The Pressing Challenges for Constitutionalism in the Middle East
Joint Paper by H. Chodosh and C. Mallat
Revolutionary history demonstrates that the toppling of stubbornly repressive regimes requires an unusual alignment of mind-boggling incompetence at the top and extraordinary courage and political skill at the bottom. Even on those rare historical occasions when the ancien régime falls, it is even more difficult to replace dysfunctional, authoritarian systems with effective, self-limiting, democratic governments that are dedicated to peace and prosperity for all. During the recent revolts in the Middle East Arab, we observed the sudden, sweeping, and largely successful efforts to topple the governments of Tunisia and Egypt, followed by the fall of Libya this past year, and ongoing struggles in Syria, Yemen, Bahrain, and other countries throughout the region. Yet the development of constitutional democracies, prosperous economies, and freedom and security for the peoples of the Middle East is far from certain. We cannot know whether the Arab Spring will blossom into a new constitutional order for countries throughout the region. If history is any guide, however, we can observe with confidence that the road ahead will be blocked by formidable obstacles. With humility, we can develop a tentative roadmap of adaptive, practical solutions. Based on nearly many years of combined experience in the Middle East, most recently as key leaders of the Global Justice Project: Iraq, Presidential Dean Hiram Chodosh and Professor Chibli Mallat will address a series of related constitutional challenges of design and implementation that reforming countries in the region now confront and offer some humbling lessons and tentative directions for the future. Critical issues will include the fundamental role of a constitution (as basic law or covenant with the future), the relationship between religion and the state, the consolidation of security forces under the executive power, independence of the judiciary, the rights of women and underrepresented groups, federalism and the competition between hierarchical and coordinate ideals of institutional authority, the relationship between constitutional design and institutional reform, as well as the process for constitutional reform itself.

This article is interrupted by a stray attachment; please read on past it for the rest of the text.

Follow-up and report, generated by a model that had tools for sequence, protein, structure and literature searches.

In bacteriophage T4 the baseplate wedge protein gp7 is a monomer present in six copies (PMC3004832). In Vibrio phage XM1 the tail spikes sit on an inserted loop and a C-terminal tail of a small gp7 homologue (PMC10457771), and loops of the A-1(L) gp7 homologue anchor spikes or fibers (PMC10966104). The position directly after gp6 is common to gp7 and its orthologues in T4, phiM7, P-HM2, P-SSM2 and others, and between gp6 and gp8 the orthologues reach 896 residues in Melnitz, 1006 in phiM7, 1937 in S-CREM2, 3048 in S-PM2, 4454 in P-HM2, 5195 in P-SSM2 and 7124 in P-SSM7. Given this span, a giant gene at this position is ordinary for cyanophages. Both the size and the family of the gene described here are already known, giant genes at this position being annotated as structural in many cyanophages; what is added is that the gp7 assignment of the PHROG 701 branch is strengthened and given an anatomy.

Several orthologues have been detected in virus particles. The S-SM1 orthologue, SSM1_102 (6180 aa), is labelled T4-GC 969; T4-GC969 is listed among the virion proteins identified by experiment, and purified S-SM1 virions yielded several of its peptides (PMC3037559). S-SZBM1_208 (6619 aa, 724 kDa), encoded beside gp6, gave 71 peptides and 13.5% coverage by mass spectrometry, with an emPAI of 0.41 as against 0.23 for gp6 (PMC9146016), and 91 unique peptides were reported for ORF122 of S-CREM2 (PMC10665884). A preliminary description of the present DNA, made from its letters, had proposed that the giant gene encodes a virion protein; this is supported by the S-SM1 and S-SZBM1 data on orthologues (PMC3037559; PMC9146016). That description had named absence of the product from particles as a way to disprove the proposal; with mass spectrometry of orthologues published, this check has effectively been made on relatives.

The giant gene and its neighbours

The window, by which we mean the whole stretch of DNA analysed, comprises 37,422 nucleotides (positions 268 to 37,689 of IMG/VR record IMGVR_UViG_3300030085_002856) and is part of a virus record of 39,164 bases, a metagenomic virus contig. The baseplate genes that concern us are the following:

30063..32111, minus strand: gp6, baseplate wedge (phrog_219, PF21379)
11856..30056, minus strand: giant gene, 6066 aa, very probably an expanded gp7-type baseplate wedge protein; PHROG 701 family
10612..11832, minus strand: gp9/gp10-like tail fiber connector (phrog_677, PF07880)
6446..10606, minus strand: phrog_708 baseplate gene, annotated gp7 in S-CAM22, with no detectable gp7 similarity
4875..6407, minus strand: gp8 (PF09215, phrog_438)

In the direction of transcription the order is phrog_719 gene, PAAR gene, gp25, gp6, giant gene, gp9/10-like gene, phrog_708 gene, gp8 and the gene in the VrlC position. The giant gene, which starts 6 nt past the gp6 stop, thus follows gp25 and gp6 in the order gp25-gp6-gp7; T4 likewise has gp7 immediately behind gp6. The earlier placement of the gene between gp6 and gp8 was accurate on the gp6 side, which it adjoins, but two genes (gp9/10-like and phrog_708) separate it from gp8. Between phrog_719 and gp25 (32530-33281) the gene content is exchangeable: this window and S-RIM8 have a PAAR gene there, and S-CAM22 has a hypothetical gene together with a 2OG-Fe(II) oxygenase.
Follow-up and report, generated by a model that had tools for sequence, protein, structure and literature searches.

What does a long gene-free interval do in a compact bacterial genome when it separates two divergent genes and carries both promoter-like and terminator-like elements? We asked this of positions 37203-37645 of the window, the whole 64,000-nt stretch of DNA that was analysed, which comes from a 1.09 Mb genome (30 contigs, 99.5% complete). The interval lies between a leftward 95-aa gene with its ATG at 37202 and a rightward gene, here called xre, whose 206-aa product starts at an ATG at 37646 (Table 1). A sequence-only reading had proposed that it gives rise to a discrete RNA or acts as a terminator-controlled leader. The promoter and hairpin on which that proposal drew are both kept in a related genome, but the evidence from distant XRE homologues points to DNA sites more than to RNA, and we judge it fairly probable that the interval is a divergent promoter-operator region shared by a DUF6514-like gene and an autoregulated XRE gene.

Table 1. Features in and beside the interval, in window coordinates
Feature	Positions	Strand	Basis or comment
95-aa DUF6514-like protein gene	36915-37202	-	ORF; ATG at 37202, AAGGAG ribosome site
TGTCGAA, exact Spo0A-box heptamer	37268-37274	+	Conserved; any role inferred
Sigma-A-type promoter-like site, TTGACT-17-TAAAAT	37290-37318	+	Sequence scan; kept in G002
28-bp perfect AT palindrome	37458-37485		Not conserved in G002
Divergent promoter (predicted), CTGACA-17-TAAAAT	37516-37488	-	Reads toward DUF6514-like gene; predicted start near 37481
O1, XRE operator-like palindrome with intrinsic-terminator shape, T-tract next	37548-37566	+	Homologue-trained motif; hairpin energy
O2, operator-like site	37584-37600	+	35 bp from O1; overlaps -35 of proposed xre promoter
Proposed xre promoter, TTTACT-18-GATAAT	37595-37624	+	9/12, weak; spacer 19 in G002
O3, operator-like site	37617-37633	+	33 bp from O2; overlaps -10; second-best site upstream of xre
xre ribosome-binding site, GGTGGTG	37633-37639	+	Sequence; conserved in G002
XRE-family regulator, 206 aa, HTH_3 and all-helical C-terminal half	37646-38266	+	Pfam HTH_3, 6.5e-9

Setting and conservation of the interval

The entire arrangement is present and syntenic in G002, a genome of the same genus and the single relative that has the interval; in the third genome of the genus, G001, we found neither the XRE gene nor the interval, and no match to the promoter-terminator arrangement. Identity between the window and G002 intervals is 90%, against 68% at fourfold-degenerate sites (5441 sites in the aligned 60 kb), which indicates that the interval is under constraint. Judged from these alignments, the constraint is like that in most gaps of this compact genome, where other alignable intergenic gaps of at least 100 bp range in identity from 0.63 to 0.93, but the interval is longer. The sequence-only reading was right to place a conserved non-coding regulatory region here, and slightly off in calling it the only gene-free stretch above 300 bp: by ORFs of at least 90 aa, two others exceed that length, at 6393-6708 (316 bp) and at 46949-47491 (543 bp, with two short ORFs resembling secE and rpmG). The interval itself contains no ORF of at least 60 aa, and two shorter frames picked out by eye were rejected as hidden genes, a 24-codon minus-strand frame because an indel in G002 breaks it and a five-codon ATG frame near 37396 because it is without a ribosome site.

Dean Chodosh is a leading expert in institutional justice reform, and author of five books, including Global Justice Reform: A Comparative Methodology (NYU Press, 2005) and 60 major articles, book chapters, and special reports. He is also the editor of three new book series: one with Aspen Publishers titled Law Across Borders, and the other two with Oxford University Press including Iraq Law and Policy. He also has served as a Senior Fulbright Scholar in India (2003) and as an adviser to the UNDP in Asia, the World Bank Justice Reform Group, the IMF Legal Department, the State Department, and many supreme courts, ministries, and commissions in the Middle East and Asia. He received his J.D. from Yale Law School and his B.A. from Wesleyan University. Prior to his appointment as dean of the S.J. Quinney College of Law, University of Utah in 2006, Dean Chodosh served as the Hostetler Professor of Law and Associate Dean for Academic Affairs at Case Western Reserve University School of Law, where he also directed the Frederick K. Cox International Law Center and received the Distinguished Teacher Award (2001). Dean Chodosh currently serves as the Hugh B. Brown Presidential Professor, Dean of the S.J. Quinney College of Law, and the Senior Presidential Adviser on Global Strategy at the University of Utah. In 2011, Dean Chodosh received the Gandhi Peace Award for his law reform work on conflict throughout Asia and the Middle East.